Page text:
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«1 Standard Photometric Systems Michael S. Bessell Research School of Astronomy and Astrophysics, The Australian National University, Weston, ACT ...»

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1

Standard Photometric Systems

Michael S. Bessell

Research School of Astronomy and Astrophysics, The Australian National University, Weston,

ACT 2611, Australia

KEYWORDS: methods:data analysis techniques: photometric,spectroscopic catalogs.

ABSTRACT: Standard star photometry dominated the second part of the 20th century

reaching its zenith in the 1980s. It was introduced to take advantage of the high sensitivity

and large dynamic range of photomultiplier tubes compared to photographic plates. As the quantum e ciency of photodetectors improved and the wavelength range extended further to the red, standard systems were modi ed and re ned and deviations from the original systems proliferated. The revolutionary shift to area detectors for all optical and IR observations forced further changes to standard systems and the precision and accuracy of much broad and intermediate band photometry su ered until more suitable observational techniques and standard reduction procedures were adopted. But the biggest revolution occurred with the production of all-sky photometric surveys. Hipparcos/Tycho was space based, but most, like 2MASS, were ground-based dedicated survey telescopes. It is very likely that in the future, rather than making a measurement of an object in some standard photometric system, one will simply look up the magnitudes and colors of most objects in catalogs accessed from the Virtual Observatory.

In this review the history of standard star photometry will be outlined and the calibration and realization of standard systems will be examined. Finally, model atmosphere uxes are now very realistic and synthetic photometry o ers the best prospects for calibrating all photometric systems. Synthetic photometry from observed spectrophotometry should also be used as a matter of course to provide colors within standard systems and to gain insights into the spectra and colors of unusual stars, star clusters and distant galaxies.

CONTENTS Introduction : : : : : : : : : : : : : : : : : : : : : : : : : : : : : : : : : : : : : : : 2

Background ::::::::::::::::::::::::::::::::::::::::::

The worldwide web resources ::::::::::::::::::::::::::::::::

Basic astronomical photometry assumptions ::::::::::::::::::::::::

The nature of standard systems :::::::::::::::::::::::::::::::

Development of standard systems - changes in detectors and wavelength coverage :::

Synthetic photometry :::::::::::::::::::::::::::::::::::::

Broad-band photometric systems : : : : : : : : : : : : : : : : : : : : : : : : : : : : 10

The Johnson-Cousins UBVRI system ::::::::::::::::::::::::::::

The Washington CMT1 T2 system ::::::::::::::::::::::::::::::

The Sloan Digital Sky Survey ugriz system :::::::::::::::::::::::::

The Hipparcos-Tycho Hp BT VT system :::::::::::::::::::::::::::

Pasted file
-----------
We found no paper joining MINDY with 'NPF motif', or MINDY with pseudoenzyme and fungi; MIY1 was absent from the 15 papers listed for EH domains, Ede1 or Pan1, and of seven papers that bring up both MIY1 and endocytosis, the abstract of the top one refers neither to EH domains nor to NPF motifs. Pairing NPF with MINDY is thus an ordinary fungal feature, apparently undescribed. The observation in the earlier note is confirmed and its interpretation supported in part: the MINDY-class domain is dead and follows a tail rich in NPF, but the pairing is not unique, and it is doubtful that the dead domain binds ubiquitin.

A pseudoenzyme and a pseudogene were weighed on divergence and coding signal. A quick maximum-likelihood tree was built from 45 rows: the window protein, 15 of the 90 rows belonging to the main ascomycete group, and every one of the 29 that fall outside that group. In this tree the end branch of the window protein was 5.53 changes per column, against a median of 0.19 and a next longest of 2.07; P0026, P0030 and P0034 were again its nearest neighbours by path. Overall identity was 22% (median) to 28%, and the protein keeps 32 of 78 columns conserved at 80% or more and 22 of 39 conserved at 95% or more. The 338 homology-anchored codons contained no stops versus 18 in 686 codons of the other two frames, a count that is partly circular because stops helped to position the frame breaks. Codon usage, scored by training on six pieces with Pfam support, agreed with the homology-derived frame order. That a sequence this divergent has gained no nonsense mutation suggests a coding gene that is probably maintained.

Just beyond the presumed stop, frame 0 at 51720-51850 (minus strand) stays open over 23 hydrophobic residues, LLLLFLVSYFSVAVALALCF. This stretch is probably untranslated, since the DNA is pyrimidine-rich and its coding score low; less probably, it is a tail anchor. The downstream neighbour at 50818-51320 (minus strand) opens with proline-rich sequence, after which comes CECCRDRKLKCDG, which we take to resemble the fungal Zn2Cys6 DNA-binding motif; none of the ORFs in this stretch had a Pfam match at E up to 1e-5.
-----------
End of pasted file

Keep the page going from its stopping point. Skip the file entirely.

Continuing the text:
The HST WFPC2 160w, 336, 439, 450, 555, 675, 814 system ::::::::::::::

Intermediate band photometric systems : : : : : : : : : : : : : : : : : : : : : : : : 15

The Stromgren 4-color uvby system :::::::::::::::::::::::::::::

The DDO 35,38,41,42,45,48 system ::::::::::::::::::::::::::::

Annu. Rev. Astron. Astrophys. 2005 43

The Geneva (UBB1 B2 VV1 G) system ::::::::::::::::::::::::::::

The Vilnius (UPXYZVS) system ::::::::::::::::::::::::::::::

The Walraven WULBV system :::::::::::::::::::::::::::::::

Narrow-band photometric systems : : : : : : : : : : : : : : : : : : : : : : : : : : : 20

The Oke AB magnitude system :::::::::::::::::::::::::::::::

The Wing 8-color system ::::::::::::::::::::::::::::::::::

Infrared photometric systems : : : : : : : : : : : : : : : : : : : : : : : : : : : : : : 21

Introduction::::::::::::::::::::::::::::::::::::::::::

Infrared spectrophotometry ::::::::::::::::::::::::::::::::::

The Johnson/Glass JHKLMN system :::::::::::::::::::::::::::

The MKO JHKL M system :::::::::::::::::::::::::::::::::

The 2MASS JHK System ::::::::::::::::::::::::::::::::::

The DENIS iJK System :::::::::::::::::::::::::::::::::::

Space Based IR Photometric and Spectrophotometric Systems ::::::::::::::

Observational complications with standard photometry : : : : : : : : : : : : : : : 25 Complications to the realisation of standard systems : : : : : : : : : : : : : : : : : 26

Standard systems may no longer represent real natural systems. :::::::::::::

–  –  –

1 Introduction

1.1 Background One of the major achievements of 20th century astrophysics has been the unravelling of the evolution of stars and the understanding of the creation of elements in stars and in supernova explosions. Another highlight has been work on the formation and evolution of galaxies stimulated by cosmological n-body simulations and large telescope observations of distant galaxies. Central to all this work is the quantitative photometry and spectroscopy of stars and stellar systems. For historical reasons, these brightness measurements are normally given in magnitudes (an inverse logarithmic scale) and magnitude di erences between di erent wavelength regions are called colors.





Much of astrophysics revolves around the position occupied by stars in the luminosity versus temperature plane known as the Hertzsprung-Russell (HR) diagram. The life history of a star is traditionally described by the path it traces in the HR diagram. The observational version of the HR diagram is the Color-Magnitude diagram. The integrated magnitudes and colors of star clusters and galaxies is often analysed in similar diagrams for integrated systems. Much e ort, observational and theoretical goes into converting, for example, the visual magnitude and color of a star into its total absolute ux (bolometric magnitude) and e ective temperature (related to the surface temperature) in order to derive the mass, composition and age of the stars. This involves empirical relations derived from stars with known luminosities and measured radii together with theoretical model atmosphere computations.

The integrated magnitudes and colors of star clusters are also of great interest as they can be used to derive the age and composition of the constituent stars. Similarly, the integrated magnitudes and colors of galaxies can be analysed in order to determine the nature and proportion of their constituent stars and gas and study galaxy evolution.